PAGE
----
One of the most commonly encountered issues when developing websites that must support both HTTP and HTTPS pages is the warning that a secure page “contains both secure and unsecured content”. In a nutshell, this is when a page that is being displayed via the HTTPS protocol contains one or more references to additional resources (JS/CSS/Images) using just HTTP.
The solution is easy and well documented for locally referenced resources, in that when making the reference to the required file you exclude the protocol and domain name ending up with something like “/styles/main.css”, which will quite happily call “main.css” from a “styles” folder in the root of the web application regardless of whether the containing page is being called by HTTP or HTTPS.
Note: .NET provides functionality such as ResolveUrl(“~/styles/main.css”) which should always be used in preference to hardcoded paths such as “/styles/main.css”. Using ResolveUrl(…) will work regardless of whether in IIS the web application has been set up as a website or a child application of the parent website. However the hardcoded path will always default to the root of the website, so if your web application has been deployed within IIS as a child application of a website you will typically see lots of 404’s like the browser is unable to locate the resources using the URL provided.
Typically externally referenced resources have proved more troublesome. I’ve seen quick and dirty solutions that always call external references via HTTPS. This gets around the warning when viewing the calling page in HTTPS, but introduces additional processing/overheads when viewing the referencing page in HTTP. More typically the URL for the required external resource is passed to a helper function which determines which protocol to add depending upon whether the containing page is HTTP or HTTPS.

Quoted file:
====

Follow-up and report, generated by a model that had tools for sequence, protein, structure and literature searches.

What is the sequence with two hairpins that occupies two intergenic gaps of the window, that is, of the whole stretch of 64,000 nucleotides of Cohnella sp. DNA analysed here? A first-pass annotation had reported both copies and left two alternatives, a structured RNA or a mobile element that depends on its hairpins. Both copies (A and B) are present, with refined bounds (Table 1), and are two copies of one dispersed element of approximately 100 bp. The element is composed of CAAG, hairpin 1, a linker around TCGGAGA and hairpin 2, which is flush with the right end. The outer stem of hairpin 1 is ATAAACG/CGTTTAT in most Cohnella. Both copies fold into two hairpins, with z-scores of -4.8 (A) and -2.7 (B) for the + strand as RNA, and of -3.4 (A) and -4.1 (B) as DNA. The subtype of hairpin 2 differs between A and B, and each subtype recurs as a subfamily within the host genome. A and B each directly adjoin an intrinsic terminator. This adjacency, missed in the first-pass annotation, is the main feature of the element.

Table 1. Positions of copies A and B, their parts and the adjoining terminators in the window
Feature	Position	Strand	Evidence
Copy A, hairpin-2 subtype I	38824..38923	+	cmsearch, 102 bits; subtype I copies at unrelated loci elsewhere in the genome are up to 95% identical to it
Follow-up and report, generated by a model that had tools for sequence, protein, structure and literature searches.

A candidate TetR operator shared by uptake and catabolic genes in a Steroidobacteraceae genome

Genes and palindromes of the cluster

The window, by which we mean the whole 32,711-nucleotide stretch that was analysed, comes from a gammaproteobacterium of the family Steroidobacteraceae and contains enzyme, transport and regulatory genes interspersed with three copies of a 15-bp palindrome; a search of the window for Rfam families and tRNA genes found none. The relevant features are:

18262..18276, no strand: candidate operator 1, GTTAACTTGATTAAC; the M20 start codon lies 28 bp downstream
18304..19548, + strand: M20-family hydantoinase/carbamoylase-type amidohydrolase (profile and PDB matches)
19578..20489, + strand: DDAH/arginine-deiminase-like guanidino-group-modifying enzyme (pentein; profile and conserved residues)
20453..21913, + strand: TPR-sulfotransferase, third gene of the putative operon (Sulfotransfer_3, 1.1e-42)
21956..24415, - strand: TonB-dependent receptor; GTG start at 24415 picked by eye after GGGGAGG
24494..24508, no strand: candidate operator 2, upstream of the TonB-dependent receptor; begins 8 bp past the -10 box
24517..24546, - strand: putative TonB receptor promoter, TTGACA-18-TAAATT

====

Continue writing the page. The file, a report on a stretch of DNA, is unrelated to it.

But it would appear that all the solutions for resolving the protocol for externally referenced resources were over-engineered! Under the section A Better Solution, Dave Ward provides a solution that is pretty much identical to the tried and tested internally referenced resource solution. Basically the RFC 3986 spec allows resources to be referenced using a protocol-less format. So instead of worrying whether you should be calling “http://cdn.domain/common-resouce.js” or “https://cdn.domain/common-resouce.js”, you can just call “//cdn.domain/common-resouce.js” and the protocol to be used for the external reference is determined by the protocol context of the containing page! Thanks for highlighting this Dave, much easier!
As part of his fantastic ‘What is .NET standard‘ presentation at DDD12, Adam Ralph provided an amazing amount of detail in such a short amount of time. One of the most valuable points, which is completely obvious when you think about it, is how you should work with .NET standard when creating libraries. NET standard now comes in a multitude of flavours: currently 1.0, 1.1, 1.2, 1.3, 1.4, 1.5, 1.6 and 2.0. When starting out . . .
If you’re trying to access a class library (.NET Standard) from a traditional console application (in VS2017 those can be found under ‘Windows Classic Desktop’) you will run into problems; which can feel a little strange for something that was pretty simple in VS2015 and earlier. You can add a reference to the class library project (Resharper will even volunteer to add the dependency / namespace reference if you don’t already have it). But the . . .